I’d taken on a part-time position with a local museum which I’d taken specifically for the hours when my husband would be home with our three kids. And while I actually enjoyed the work, I also missed out on a lot – my daughter’s last year of competing at nationals for climbing as well as weekend camping trips, family suppers, and just hanging out in the back yard with the kids on a warm Saturday night.
But the moment that pushed me over the edge was when I arrived home at 3 AM on a Saturday night. I tried to open our garage door but met resistance. Pushing a little more firmly, I realized I was actually scooting my youngest son across the tile of our foyer. At some point after being tucked into bed, our youngest woke up. He did the only thing a little boy missing his mother knew to do – wait at the very spot he knew I’d return. And so he waited on the cold tile until he finally fell asleep.
I picked my son up and carried him back to his bad, pulling up the covers up and kissing his forehead. I sat at the edge of his bed for a few moments, tears welling up as his little hand gripped tightly around my finger. And in that moment I knew that no job was worth doing this to my son.
Within the month I’d resigned my position and metamorphosed from stay-at-home mom to founder of a tech company. Not that being an entrepreneur eradicated Mommy Guilt. It didn’t. But it did mean I decided what I was going to feel guilty about, because I was the one choosing the trade-offs of what I’d miss to give time to something else.
There are times now that I am definitely judged as being that mom – the one who ends up parenting her kid via cell phone while boarding a plane, who is rarely available to volunteer for anything during or after school, and the one who has more than once sent her kid off to school with a still-damp uniform after forgetting it was needed for a game after school. I’m the mom who celebrates my kid’s somewhat crappy-looking science fair entry while happily ignoring the silent condemnation of his classmates’ parents who see my hands-off approach as unsupportive. Truth is I have no desire to see if my participation in his project will earn him an A. It’s his learning experience, and if I’m judged as the mom who doesn’t help her kid with his projects, I’m ok with that. I’ve made peace with being that mom.
But I’m finished with feeling guilty. Or, at least, I’m finished letting anyone else decide what should make me feel guilty. If I blow off one of my kids or ignore them when they really need me, and I do it because I am far too immersed in my own thoughts to be present and listen, I should feel guilty about that. It is a poor choice that leaves me as inaccessible as if I wasn’t there. If I don’t parent by making my children accountable for immoral, inconsiderate, unkind, or dishonest behavior, if I don’t provide comfort and perspective when my children are wounded by life, or if I’m not accessible for the average, ordinary conversations that are actually the courage-building moments when one of my children might share one of those big issues that they’re carrying deep inside – if I am not available to be that parent, I should feel guilty.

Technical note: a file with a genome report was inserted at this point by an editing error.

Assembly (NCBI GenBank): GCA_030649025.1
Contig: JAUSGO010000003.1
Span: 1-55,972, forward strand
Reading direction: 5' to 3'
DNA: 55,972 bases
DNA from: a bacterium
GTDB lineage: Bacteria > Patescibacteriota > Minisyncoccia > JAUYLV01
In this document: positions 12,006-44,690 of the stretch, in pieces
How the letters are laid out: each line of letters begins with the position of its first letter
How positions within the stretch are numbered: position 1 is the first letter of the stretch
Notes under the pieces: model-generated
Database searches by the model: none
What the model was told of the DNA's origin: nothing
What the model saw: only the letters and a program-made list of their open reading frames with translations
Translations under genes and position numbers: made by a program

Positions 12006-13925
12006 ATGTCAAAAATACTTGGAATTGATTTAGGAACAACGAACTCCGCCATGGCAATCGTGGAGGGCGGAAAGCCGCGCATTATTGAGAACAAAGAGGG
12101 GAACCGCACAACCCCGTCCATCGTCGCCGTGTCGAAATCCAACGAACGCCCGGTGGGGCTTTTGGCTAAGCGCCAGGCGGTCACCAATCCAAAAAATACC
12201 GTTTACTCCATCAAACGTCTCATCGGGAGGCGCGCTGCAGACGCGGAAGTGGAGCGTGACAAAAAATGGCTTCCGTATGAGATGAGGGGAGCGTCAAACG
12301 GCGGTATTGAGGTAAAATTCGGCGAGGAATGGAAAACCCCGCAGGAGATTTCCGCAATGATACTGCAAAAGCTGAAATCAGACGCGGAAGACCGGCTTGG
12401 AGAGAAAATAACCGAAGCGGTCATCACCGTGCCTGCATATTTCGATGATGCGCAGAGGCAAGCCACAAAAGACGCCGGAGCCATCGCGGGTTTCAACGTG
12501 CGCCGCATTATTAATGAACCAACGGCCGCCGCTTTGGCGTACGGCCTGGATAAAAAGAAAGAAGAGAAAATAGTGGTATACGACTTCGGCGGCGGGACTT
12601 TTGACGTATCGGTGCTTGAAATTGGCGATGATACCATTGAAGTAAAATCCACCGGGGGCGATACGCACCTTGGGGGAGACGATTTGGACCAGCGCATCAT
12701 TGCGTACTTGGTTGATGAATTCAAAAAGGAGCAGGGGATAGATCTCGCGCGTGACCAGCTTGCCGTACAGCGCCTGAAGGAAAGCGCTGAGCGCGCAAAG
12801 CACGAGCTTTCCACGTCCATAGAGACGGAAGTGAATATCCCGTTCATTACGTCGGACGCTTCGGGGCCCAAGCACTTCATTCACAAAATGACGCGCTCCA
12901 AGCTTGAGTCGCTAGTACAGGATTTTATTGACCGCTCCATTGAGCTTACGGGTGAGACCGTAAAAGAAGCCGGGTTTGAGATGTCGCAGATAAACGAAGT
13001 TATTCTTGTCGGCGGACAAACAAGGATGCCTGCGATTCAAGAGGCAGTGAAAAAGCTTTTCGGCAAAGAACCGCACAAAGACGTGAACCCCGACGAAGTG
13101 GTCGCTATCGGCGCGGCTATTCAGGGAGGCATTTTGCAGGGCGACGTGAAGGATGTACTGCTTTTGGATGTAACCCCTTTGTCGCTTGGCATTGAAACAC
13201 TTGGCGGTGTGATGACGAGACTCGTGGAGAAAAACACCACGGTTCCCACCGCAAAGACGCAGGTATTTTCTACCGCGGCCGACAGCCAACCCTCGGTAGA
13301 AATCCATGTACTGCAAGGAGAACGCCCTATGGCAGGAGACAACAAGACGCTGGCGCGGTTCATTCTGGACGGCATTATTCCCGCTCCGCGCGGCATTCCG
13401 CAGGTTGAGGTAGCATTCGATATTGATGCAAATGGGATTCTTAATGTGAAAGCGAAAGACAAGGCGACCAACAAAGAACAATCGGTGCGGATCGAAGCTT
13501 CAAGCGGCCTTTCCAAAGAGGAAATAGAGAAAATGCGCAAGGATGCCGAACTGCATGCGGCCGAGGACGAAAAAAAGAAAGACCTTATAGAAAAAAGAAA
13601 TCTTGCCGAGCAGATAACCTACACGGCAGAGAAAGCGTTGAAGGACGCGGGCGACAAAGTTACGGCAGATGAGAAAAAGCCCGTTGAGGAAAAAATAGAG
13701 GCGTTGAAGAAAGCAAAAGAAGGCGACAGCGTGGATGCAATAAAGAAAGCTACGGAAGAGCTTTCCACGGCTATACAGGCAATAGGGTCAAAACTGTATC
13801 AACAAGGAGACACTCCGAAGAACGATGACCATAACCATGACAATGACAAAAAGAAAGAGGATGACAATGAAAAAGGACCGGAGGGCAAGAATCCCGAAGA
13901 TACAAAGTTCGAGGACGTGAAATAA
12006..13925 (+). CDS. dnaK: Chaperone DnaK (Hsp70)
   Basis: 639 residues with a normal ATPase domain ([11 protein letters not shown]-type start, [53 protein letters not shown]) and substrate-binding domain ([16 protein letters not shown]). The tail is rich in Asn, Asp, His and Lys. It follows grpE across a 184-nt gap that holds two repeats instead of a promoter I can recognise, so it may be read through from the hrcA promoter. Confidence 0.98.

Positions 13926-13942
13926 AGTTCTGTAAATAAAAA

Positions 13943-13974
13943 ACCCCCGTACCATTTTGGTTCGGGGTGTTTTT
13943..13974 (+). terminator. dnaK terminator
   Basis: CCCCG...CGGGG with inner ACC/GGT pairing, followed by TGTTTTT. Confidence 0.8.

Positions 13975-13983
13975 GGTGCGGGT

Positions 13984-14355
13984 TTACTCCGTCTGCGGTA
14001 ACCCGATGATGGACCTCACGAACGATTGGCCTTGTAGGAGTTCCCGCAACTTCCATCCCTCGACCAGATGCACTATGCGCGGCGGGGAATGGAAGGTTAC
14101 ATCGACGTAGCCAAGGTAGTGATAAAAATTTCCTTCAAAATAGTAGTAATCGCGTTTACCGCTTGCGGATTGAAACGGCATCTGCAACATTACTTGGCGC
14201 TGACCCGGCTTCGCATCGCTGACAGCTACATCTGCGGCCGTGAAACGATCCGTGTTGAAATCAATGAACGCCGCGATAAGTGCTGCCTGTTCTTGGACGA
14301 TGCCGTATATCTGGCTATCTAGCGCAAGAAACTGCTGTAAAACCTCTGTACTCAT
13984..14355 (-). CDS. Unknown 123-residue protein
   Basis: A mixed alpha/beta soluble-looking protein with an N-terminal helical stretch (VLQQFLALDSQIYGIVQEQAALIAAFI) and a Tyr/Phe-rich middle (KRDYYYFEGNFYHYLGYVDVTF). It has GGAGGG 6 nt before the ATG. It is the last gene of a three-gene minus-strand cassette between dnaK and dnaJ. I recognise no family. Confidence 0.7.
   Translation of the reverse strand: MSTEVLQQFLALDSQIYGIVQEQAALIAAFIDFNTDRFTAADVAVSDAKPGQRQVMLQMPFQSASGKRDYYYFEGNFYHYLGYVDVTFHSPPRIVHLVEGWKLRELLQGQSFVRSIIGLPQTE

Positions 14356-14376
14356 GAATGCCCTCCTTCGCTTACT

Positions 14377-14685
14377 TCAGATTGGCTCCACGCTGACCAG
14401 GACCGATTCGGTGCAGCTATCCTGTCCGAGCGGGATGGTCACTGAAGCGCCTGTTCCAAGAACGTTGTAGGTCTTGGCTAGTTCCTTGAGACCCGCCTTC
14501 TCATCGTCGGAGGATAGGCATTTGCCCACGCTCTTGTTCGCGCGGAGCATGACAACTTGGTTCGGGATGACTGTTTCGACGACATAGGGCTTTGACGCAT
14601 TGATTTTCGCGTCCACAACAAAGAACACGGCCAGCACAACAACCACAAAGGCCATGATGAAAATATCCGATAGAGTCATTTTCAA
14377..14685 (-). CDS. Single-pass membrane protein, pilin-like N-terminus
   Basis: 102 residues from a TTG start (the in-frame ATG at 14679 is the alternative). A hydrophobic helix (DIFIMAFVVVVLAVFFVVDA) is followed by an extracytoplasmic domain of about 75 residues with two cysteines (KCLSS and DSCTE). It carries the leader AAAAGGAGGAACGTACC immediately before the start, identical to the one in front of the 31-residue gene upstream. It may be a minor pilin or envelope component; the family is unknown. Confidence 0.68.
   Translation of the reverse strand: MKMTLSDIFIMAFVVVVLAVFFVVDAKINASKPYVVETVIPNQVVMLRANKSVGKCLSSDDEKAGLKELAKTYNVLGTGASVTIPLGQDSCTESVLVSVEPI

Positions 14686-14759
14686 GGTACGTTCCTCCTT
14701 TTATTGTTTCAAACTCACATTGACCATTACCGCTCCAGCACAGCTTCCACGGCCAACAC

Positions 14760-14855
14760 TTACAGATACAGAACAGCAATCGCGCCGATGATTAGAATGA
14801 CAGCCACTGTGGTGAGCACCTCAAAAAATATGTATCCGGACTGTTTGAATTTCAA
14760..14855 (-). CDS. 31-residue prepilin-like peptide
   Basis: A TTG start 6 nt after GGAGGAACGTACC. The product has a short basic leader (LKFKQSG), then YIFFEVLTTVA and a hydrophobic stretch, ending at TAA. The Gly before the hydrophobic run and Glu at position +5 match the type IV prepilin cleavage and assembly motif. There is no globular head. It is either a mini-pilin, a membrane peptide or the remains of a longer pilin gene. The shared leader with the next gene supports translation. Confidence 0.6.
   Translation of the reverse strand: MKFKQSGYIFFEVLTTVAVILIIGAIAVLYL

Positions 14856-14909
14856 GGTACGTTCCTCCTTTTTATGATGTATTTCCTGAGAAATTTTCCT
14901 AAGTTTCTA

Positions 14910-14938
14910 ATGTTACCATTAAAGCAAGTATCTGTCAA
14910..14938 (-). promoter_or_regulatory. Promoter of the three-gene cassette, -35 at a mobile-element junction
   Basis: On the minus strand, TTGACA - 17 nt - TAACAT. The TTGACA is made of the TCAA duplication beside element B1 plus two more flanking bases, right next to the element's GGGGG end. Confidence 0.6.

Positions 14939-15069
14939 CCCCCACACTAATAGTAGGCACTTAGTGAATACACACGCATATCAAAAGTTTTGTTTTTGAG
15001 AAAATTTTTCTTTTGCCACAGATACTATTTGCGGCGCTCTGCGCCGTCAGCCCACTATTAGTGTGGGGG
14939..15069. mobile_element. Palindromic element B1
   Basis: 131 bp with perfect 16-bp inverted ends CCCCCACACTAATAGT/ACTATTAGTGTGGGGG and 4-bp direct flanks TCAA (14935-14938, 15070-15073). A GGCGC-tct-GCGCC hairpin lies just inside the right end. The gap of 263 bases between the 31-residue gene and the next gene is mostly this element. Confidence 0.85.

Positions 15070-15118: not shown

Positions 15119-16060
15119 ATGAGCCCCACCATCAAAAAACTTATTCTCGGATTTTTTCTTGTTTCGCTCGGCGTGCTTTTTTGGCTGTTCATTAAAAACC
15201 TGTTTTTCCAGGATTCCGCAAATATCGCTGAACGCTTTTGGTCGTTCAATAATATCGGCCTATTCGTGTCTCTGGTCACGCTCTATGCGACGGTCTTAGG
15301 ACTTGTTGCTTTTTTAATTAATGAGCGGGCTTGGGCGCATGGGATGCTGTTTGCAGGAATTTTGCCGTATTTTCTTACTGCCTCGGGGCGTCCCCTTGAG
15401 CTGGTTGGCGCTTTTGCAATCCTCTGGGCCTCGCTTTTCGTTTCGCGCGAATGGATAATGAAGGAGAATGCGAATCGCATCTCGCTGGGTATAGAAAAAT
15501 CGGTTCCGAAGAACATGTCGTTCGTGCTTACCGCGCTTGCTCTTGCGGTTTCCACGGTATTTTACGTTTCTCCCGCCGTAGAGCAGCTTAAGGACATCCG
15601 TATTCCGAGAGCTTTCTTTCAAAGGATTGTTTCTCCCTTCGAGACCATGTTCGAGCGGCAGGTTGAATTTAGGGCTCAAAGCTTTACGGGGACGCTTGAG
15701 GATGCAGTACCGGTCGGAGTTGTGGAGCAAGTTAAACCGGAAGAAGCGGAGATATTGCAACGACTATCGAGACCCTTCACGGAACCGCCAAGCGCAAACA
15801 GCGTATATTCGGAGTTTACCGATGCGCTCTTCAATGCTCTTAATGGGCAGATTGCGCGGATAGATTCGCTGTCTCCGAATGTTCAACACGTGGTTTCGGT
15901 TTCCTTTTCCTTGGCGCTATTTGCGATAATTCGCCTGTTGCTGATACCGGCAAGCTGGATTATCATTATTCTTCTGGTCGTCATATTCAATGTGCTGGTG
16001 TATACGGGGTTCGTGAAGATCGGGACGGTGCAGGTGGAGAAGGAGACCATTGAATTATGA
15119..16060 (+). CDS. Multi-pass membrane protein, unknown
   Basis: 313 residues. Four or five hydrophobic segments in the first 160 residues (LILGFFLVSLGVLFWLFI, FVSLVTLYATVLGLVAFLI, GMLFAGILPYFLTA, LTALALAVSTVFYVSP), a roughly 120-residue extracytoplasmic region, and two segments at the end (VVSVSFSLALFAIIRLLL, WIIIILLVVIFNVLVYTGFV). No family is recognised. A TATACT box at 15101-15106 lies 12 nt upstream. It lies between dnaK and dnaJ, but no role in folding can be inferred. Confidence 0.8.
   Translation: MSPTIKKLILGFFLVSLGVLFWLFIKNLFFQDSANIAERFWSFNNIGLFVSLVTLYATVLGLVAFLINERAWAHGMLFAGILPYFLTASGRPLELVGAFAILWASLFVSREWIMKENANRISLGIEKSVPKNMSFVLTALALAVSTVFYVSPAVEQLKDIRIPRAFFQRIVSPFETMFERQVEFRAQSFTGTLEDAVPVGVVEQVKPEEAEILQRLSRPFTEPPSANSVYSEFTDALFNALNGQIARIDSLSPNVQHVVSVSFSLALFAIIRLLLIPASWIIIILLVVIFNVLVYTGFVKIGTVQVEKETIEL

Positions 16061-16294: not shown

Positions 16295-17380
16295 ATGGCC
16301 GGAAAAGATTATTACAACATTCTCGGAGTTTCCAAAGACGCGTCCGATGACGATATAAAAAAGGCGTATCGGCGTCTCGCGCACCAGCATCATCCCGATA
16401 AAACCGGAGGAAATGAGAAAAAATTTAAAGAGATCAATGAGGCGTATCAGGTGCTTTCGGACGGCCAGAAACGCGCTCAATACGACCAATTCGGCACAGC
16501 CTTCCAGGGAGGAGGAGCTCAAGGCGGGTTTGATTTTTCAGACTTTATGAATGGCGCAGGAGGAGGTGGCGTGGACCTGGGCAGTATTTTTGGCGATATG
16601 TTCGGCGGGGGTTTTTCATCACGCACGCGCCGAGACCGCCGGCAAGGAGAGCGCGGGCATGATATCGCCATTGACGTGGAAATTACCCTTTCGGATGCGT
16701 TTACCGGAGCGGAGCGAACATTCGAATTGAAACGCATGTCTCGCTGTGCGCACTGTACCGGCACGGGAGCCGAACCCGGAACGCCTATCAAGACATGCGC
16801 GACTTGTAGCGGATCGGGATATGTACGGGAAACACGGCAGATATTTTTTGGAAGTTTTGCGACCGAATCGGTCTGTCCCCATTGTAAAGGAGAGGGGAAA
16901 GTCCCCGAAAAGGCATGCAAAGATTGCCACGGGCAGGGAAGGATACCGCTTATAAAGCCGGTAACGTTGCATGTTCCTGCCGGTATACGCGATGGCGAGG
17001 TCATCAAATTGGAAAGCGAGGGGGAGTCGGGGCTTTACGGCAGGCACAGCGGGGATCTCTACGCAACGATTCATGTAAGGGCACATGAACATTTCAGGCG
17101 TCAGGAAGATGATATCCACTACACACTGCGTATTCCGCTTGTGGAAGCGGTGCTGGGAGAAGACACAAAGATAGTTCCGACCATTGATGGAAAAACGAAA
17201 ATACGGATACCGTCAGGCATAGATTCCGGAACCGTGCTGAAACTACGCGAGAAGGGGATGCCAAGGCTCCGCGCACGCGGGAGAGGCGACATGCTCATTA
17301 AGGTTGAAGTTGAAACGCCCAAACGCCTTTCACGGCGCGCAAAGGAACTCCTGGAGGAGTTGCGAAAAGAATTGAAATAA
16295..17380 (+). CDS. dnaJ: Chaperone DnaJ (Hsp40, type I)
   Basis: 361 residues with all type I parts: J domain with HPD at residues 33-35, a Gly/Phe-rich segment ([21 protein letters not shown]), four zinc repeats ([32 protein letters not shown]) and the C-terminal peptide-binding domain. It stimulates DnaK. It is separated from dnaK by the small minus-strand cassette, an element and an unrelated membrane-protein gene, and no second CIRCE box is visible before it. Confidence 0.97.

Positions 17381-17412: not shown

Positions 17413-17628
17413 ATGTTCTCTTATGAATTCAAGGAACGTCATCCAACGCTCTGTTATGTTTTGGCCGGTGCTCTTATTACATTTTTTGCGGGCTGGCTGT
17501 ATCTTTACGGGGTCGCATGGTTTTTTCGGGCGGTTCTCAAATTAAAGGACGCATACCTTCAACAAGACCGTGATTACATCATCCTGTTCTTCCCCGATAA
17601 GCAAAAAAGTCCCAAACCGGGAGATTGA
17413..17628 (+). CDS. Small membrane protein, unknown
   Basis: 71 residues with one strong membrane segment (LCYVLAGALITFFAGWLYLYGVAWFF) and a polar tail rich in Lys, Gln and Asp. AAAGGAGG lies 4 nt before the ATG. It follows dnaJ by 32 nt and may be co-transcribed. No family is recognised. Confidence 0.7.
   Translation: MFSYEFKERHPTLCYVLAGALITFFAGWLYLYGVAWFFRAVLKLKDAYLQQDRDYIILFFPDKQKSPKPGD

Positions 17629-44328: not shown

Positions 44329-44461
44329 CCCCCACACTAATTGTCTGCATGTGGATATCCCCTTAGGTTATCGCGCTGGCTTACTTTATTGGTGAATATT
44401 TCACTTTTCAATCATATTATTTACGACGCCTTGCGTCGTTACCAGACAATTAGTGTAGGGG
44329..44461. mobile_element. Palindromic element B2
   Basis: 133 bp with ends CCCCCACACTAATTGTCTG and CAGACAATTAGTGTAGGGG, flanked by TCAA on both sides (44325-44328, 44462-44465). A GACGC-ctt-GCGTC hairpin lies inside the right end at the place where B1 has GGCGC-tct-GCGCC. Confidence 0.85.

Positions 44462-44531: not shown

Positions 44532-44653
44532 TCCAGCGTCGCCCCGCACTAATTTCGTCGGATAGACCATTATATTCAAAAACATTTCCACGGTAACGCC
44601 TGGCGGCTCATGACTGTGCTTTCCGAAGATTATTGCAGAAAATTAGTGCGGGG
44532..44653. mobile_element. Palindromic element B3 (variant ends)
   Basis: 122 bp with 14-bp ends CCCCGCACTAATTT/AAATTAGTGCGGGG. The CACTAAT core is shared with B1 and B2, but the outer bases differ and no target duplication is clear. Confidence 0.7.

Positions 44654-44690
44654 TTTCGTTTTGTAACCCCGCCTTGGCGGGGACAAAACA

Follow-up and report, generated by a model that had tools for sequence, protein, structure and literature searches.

But I’m finished feeling guilty for being gone on travel and not available at a moment’s notice to help one of my children get out of a momentary problem. Yes, I’m unavailable. But, no, it’s not the end of the world. And more often than not, it simply results in the learning moment where my kid discovers they have the inner resilience and resources to manage the issue for themselves.
I’m finished feeling guilty for not being there every morning to cook breakfast. Guess what? Cooking skills are empowering. When my teenage kid discovers he can forage in the pantry and make something to eat without setting the toaster on fire – that isn’t neglect – that’s fostering independence.
And I’m finished feeling guilty for not being invincible. There are days I’m barely treading water because of the overwhelming amount of responsibility that I have on my plate, and allowing my children to witness my own moments of weakness, vulnerability, and fear – that is a gift I am giving them. When they witness the same raw emotions coming from me which often hold the same power to derail their own pursuit of goals and dreams – and when they see me get beyond those momentary emotions to move forward – I am sharing with them the honesty of the journey, the reality of the pain and emotional toll that is taken from each of us if we are to grow to meet the challenges along the journey. I refuse to feel guilty for sharing that with my children.
The truth is that I absolutely love what I do now. I love our company, our vision, the problems we are helping others solve because of what we’ve built. I love the dynamics, talent and energy of our team. And I love the opportunities that have arisen along the journey – the chance to build rewarding friendships, the opportunity to launch an organization with a dear friend which is focused on empowering other women, and the privilege of being inspired by others who are pursuing their own dreams. I also love being a mother, even if the mother I am today isn’t what I imagined. I’ve made peace with the messiness of it all, because it is the mess of it all, the ebb and flow of blending all of these roles together into one reality which has helped me finally feel at peace with who I am.